1
$\begingroup$

How can I determine the maximum of n iid (independent and identically distributed) random variables? The random variable follows log-normal distribution.

$\endgroup$
1
$\begingroup$

Let $X_1,X_2,\ldots,X_n$ be iid random variables, and let $$X=\max\{X_1,\ldots,X_n\}.$$ Then $$P(X\leq x) = P(X_1\leq x,X_2\leq x,\ldots,X_n\leq x).$$ Why? Because if the maximum is less than or equal to some $x$, then each of the variables must certainly be less than or equal to $x$ as well. Vice versa, if each of the variables are less than or equal to $x$, then their maximum must be as well.

Since the random variables are iid, we have $$P(X\leq x) = P(X_1\leq x,\ldots,X_n\leq x) = P(X_1\leq x)^n.$$

In conclusion, the probability distribution function of the maximum can be found from the probability distribution function of one of the variables (e.g. the first one) to the $n$th power. You just need to find $P(X_1\leq x)^n$, where $X_1$ is log-normal.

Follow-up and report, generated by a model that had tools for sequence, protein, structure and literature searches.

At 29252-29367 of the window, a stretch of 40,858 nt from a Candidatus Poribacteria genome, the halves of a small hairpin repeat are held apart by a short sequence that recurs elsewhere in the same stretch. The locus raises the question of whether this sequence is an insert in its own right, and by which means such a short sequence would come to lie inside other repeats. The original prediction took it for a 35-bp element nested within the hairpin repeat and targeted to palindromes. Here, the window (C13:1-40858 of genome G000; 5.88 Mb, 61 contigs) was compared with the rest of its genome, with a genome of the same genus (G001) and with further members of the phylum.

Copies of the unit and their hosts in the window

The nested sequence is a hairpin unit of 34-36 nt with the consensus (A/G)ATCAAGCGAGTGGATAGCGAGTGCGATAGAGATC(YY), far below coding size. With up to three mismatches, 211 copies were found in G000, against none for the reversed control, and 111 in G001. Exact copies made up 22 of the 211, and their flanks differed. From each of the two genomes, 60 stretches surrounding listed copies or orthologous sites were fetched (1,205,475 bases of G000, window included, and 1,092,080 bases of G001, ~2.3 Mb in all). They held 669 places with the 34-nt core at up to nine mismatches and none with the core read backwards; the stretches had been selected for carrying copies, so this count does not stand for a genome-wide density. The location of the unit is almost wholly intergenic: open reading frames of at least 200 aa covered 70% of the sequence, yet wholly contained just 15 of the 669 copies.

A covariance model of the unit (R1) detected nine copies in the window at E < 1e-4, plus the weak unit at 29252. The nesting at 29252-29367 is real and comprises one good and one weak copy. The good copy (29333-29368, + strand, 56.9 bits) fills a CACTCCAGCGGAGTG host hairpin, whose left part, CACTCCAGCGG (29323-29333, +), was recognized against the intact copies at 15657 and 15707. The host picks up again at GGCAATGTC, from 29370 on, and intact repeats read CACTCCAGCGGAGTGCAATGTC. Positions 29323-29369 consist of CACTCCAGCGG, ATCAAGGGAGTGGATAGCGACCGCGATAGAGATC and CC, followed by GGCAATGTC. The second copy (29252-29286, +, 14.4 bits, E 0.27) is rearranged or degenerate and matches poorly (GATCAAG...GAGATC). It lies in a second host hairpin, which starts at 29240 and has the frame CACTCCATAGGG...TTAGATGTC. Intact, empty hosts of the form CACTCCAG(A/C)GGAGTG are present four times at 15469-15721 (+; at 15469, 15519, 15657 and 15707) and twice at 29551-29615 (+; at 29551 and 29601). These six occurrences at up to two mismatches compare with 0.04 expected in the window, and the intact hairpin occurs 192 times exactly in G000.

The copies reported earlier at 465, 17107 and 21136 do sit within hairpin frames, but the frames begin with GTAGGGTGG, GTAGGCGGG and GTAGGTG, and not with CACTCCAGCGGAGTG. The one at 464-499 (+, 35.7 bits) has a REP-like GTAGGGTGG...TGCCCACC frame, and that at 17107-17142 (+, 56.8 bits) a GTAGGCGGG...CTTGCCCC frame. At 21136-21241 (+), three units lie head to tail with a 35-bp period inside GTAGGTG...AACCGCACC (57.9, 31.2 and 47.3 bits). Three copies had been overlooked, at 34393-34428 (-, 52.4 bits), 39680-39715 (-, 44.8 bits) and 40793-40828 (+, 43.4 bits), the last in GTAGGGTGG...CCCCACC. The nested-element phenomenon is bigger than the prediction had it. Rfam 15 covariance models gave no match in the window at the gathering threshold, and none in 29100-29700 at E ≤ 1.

| cite | improve this answer | |
$\endgroup$

Your Answer

By clicking “Post Your Answer”, you agree to our terms of service, privacy policy and cookie policy

Not the answer you're looking for? Browse other questions tagged or ask your own question.